Successfully reported this slideshow.
We use your LinkedIn profile and activity data to personalize ads and to show you more relevant ads. You can change your ad preferences anytime.

Dielectrics in a time-dependent electric field: density-polarization functional theory approach

160 views

Published on

In presence of a time-dependent macroscopic electric field the electron dynamics of dielectrics cannot be described by the time-dependent density only. We present a real-time formalism that has the density and the macroscopic polarization P as key quantities. We show that a simple local function of P already captures long-range correlation in linear and non-linear optical response functions.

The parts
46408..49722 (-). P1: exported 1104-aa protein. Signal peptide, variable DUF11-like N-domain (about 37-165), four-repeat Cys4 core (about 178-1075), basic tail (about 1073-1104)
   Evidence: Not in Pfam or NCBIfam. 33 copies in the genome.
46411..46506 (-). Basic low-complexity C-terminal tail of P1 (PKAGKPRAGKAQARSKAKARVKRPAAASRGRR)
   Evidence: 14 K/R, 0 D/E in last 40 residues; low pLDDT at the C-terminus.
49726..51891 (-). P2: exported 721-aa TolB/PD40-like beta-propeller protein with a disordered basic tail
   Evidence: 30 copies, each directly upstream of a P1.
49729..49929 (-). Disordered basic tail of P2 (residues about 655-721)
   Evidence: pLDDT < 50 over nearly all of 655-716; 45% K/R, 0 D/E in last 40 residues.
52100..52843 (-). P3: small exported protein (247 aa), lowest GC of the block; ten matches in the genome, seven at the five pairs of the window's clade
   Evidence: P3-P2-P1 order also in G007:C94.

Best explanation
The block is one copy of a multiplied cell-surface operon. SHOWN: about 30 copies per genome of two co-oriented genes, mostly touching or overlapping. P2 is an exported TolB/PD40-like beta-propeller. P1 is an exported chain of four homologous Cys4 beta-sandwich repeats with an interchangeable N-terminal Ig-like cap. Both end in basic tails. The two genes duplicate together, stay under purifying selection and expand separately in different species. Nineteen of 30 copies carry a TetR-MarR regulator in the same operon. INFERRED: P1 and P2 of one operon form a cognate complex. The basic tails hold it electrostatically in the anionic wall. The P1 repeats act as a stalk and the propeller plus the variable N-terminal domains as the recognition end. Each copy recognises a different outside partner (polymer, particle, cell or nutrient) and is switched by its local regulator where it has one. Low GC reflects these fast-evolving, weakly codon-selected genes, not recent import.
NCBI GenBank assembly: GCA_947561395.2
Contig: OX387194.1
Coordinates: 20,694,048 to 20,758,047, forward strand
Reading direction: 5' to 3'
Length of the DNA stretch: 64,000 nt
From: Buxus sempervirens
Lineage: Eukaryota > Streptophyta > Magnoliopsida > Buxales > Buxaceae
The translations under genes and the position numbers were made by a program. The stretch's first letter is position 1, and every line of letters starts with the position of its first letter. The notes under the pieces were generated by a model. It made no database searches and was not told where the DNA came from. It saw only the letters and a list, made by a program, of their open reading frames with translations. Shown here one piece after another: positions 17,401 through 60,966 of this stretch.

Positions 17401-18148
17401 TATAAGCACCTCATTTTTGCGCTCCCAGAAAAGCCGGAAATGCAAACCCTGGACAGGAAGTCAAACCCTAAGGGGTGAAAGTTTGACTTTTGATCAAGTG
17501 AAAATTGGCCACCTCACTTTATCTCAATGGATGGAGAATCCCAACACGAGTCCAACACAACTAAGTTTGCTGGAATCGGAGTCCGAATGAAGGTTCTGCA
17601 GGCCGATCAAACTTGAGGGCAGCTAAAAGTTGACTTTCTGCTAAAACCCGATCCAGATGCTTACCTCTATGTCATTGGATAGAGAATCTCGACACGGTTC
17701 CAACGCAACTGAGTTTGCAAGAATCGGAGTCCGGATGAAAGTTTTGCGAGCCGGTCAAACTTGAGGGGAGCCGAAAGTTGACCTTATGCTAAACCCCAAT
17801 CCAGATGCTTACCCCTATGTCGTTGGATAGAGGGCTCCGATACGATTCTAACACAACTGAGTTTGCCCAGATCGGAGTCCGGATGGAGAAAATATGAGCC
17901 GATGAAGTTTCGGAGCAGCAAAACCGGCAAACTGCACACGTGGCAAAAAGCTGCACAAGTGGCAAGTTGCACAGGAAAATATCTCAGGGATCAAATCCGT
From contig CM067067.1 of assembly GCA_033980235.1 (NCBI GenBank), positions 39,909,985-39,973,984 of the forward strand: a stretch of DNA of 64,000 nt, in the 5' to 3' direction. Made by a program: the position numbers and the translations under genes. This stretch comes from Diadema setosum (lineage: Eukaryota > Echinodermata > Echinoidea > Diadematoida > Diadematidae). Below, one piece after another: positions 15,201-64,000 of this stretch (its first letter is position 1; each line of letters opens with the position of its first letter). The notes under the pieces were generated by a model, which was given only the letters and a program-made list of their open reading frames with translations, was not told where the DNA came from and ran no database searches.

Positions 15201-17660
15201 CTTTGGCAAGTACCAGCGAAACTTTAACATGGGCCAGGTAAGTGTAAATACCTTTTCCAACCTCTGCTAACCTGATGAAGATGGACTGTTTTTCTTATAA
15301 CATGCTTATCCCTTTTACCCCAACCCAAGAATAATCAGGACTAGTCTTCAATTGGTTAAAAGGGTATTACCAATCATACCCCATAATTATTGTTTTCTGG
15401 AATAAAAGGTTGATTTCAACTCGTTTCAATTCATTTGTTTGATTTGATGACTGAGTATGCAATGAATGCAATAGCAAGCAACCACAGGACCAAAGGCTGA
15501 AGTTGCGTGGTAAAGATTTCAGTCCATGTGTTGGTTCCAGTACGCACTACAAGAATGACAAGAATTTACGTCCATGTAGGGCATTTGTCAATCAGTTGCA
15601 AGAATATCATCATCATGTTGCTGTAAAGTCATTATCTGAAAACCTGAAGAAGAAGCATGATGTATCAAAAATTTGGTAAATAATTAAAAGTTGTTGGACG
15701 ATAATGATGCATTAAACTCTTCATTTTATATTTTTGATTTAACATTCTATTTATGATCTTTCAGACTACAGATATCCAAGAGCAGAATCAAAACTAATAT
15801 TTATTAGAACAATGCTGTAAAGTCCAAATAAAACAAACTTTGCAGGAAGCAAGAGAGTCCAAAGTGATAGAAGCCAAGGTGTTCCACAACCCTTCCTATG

Published in: Education
  • Be the first to comment

  • Be the first to like this

Dielectrics in a time-dependent electric field: density-polarization functional theory approach